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Friday, June 5, 2020  Spokane, Washington  Est. May 19, 1883
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News >  Idaho

Shooting Of Endangered Wolf Was Legal

By Associated Press

The wolf shot while attacking a lamb on a Lemhi County ranch was a yearling male released this spring from a holding pen in Yellowstone National Park, wolf reintroduction officials said.

Rancher Allen Purcell said he shot the wolf at sunrise Wednesday as it was killing a lamb in a pasture adjacent to his house.

The lamb, still standing and bawling, had its entrails dragging on the ground, he said.

Purcell shot once and killed the wolf.

The gray wolf is an endangered species. In 1995 and 1996, wolves from Canada were reintroduced as an experimental population in central Idaho and Yellowstone National Park. Under the experimental rules, ranchers can shoot the wolves if they catch them in the act of killing livestock on private property.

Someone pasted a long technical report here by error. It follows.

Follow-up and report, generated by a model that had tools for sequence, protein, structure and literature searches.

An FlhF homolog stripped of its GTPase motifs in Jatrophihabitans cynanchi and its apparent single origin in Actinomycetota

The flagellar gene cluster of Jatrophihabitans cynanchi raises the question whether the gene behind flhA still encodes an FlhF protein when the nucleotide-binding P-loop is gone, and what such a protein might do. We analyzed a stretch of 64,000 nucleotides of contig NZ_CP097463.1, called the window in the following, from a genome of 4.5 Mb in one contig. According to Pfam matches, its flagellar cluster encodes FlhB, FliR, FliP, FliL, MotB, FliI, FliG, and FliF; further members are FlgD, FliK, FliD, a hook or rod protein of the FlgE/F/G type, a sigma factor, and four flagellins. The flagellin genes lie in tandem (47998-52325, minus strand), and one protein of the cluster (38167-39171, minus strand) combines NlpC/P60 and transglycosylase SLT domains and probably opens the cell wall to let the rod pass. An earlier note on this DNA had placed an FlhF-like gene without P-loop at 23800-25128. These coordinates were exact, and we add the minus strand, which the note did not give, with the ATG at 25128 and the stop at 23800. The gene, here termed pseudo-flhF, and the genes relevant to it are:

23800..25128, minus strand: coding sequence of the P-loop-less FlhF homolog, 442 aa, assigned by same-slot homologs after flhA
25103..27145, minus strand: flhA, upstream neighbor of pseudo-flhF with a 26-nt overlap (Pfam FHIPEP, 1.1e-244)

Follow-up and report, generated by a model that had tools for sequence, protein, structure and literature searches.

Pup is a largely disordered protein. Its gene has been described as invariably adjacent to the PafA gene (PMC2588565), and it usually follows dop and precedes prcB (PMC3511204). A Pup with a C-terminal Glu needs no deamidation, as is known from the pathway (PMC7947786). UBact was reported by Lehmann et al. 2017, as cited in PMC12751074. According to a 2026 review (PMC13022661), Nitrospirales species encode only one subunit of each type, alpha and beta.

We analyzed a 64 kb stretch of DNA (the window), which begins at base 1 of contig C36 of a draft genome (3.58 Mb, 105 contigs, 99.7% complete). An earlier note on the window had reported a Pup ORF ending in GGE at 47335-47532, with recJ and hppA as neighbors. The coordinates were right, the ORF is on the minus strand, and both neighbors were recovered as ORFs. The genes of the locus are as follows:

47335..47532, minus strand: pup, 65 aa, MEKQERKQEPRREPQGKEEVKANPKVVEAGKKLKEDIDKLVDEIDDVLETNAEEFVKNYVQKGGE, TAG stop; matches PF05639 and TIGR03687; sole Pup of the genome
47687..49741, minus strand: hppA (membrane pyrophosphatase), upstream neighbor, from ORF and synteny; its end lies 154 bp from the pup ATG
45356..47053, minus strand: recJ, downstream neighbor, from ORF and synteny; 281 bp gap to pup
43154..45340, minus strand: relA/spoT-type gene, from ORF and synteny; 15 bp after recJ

The wolf was shot three to four miles from where a dead calf was found last week, said Steve Magone, a special agent with the U.S. Fish and Wildlife Service in Idaho Falls. Officials have confirmed a wolf killed the calf.

Timm Kaminski, the Idaho wolf project biologist for the Nez Perce tribe, said Thursday that the yearling wolf was orphaned last year when its parents were killed near Augusta, Mont.

The adults of the Montana pack were killed after repeated livestock depredations. The orphaned pups were taken to a holding pen between Madison Junction and Old Faithful in Yellowstone National Park. They were released in the park this spring.

Kaminski said the incident on the Purcells’ ranch was a good example of how well the experimental wolf recovery regulations can work.

“We’ve got the protocol down pretty well. The Purcells were real good about it,” he said. “It’s kind of a textbook example of how the regulations work.”

Four Animal Damage Control officers used the incident to learn more about investigating livestock depredations, Kaminski said.

Animal Damage Control, a branch of the U.S. Department of Agriculture, is responsible for investigating livestock depredation. Fish and Wildlife Service officers also were at the scene.

Magone said both the wolf and lamb carcasses will probably be shipped on Monday to a laboratory in Ashland, Ore. He said pathologists should have a report about the incident by the end of next week.

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